Monday, May 28, 2012

Brain Health: Do Tasks the Hard Way

So according to some recent studies (here's one: doing something that is difficult is actually good for your brain.  Examples they use are using your non-dominate hand, or reading or writing upside down, or physical things like jogging backwards.  I've also heard that working on learning a new language or a musical instrument are very good.  You brain has to develop new pathways.

I'm finding this whole thing very intriguing.  It means that you can try to do something just on the basis that it's difficult.  Personally I would need more motivation than that, but it really does take you off the hook in terms of having to be good at something.  You don't have to be perfect at it you just have to be willing to work at it.  That's very freeing.  Work at it just because it's hard.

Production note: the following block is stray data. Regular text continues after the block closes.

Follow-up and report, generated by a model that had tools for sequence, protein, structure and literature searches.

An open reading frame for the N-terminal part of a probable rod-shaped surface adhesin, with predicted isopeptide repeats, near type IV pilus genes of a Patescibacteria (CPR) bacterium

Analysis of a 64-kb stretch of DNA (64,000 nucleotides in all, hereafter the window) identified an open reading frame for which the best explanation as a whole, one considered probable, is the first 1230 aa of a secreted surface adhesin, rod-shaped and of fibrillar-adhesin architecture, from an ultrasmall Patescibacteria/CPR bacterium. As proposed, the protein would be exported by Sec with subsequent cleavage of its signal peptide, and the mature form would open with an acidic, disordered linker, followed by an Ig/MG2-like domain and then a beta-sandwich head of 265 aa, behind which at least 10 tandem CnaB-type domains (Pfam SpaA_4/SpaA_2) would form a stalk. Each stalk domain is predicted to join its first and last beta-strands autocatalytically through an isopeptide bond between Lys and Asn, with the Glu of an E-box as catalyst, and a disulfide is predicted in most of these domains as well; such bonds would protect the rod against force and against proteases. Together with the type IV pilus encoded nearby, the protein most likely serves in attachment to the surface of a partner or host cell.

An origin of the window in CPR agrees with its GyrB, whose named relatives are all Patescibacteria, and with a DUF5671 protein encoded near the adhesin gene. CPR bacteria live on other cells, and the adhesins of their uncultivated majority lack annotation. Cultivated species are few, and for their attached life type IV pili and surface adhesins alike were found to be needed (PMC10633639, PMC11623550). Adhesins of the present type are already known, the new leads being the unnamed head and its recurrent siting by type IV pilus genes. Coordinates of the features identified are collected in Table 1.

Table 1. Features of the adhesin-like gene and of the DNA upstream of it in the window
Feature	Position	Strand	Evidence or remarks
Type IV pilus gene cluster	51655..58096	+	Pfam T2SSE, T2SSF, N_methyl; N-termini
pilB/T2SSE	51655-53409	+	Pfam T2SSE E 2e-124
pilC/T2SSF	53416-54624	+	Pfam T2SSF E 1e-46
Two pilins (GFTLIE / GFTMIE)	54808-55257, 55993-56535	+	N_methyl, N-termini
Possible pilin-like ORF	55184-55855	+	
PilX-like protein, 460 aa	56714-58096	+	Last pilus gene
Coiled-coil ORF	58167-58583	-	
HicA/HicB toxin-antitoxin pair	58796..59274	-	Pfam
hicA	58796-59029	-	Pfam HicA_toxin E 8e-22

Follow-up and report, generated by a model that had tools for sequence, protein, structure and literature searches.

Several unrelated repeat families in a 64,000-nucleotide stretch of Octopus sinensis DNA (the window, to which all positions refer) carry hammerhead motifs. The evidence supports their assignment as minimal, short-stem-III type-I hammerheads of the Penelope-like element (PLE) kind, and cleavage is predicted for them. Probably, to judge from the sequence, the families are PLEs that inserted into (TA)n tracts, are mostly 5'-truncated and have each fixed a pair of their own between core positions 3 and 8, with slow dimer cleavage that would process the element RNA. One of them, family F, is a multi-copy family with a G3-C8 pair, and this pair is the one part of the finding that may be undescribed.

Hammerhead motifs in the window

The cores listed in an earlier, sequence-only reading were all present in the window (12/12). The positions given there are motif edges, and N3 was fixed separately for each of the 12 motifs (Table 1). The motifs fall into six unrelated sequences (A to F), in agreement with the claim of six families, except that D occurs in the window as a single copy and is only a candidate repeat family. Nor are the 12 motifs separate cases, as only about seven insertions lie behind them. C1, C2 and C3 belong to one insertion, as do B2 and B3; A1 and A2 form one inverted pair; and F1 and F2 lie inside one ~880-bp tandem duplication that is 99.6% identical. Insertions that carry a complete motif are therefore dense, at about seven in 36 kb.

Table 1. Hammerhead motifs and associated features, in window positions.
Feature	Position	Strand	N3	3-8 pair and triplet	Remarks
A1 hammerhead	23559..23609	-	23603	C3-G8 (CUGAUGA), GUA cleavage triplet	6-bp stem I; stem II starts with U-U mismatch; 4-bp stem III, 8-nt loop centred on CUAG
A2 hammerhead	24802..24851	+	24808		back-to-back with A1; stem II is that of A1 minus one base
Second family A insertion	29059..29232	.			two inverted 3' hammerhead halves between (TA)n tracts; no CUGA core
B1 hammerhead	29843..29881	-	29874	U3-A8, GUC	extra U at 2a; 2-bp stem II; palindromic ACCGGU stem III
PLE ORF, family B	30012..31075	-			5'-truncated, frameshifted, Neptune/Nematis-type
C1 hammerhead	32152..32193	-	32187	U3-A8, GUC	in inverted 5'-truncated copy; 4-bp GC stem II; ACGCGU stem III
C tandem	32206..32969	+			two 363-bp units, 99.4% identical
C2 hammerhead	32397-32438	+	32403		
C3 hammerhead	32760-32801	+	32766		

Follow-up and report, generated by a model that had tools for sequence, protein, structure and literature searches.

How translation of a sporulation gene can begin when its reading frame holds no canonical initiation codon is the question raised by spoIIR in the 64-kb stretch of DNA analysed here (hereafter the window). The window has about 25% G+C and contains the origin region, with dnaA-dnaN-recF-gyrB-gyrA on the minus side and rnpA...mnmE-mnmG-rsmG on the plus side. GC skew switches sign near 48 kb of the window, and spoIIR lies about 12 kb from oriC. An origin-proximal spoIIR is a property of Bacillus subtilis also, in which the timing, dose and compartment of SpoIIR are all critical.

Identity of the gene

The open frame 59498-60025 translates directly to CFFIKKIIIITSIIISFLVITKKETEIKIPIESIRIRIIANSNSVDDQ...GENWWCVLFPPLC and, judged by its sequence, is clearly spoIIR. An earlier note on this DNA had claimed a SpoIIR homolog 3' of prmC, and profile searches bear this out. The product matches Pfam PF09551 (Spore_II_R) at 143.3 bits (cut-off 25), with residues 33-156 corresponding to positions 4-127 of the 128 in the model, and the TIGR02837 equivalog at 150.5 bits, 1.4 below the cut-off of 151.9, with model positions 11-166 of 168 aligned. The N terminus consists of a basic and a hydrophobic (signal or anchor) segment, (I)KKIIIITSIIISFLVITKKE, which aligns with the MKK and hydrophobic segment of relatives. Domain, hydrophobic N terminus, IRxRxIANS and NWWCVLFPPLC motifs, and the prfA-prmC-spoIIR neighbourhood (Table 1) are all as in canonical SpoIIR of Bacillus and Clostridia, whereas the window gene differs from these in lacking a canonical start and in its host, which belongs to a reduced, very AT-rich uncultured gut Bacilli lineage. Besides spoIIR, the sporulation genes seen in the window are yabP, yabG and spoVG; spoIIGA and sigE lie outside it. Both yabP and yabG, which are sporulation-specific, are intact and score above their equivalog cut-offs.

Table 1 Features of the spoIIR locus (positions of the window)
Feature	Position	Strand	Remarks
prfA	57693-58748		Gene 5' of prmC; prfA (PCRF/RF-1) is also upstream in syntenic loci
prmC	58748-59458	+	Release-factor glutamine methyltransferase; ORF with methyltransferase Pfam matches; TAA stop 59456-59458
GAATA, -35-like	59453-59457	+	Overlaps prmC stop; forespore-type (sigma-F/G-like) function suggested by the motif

My current example is of course an odd one.  My dogs like herding stock, and herding is very difficult.  If you though dog agility was hard, try it with all of the obstacles moving.  It's brain bendingly difficult, but the challenge is fantastic and you learn new observation skills and you learn how to make efficient choices on what to watch and how carefully.

It also means that I should really consider going back to guitar playing or staying involved in some way.  Songwriting and story creation are very difficult and frustrating for me but it's probably something I should persue.  Struggle is good.


Elf said...

Funny (as in funny strange): I got hooked on sudoku even though I think they're dumb. But they're a good mind-clearing thing to do. Can put me to sleep at night, ease my stress during the day. Suddenly a couple of weeks ago I felt that I hated how easy they are to solve--I don't mean like the answer is always quick, but the process is rote. So have gone back to doing them a longer, harder way because it's different. I wonder whether that counts.

Ellen said...

Sudoku gets a lot of mention in these contexts so it likely does count. Pretty much anything that makes you work harder at something.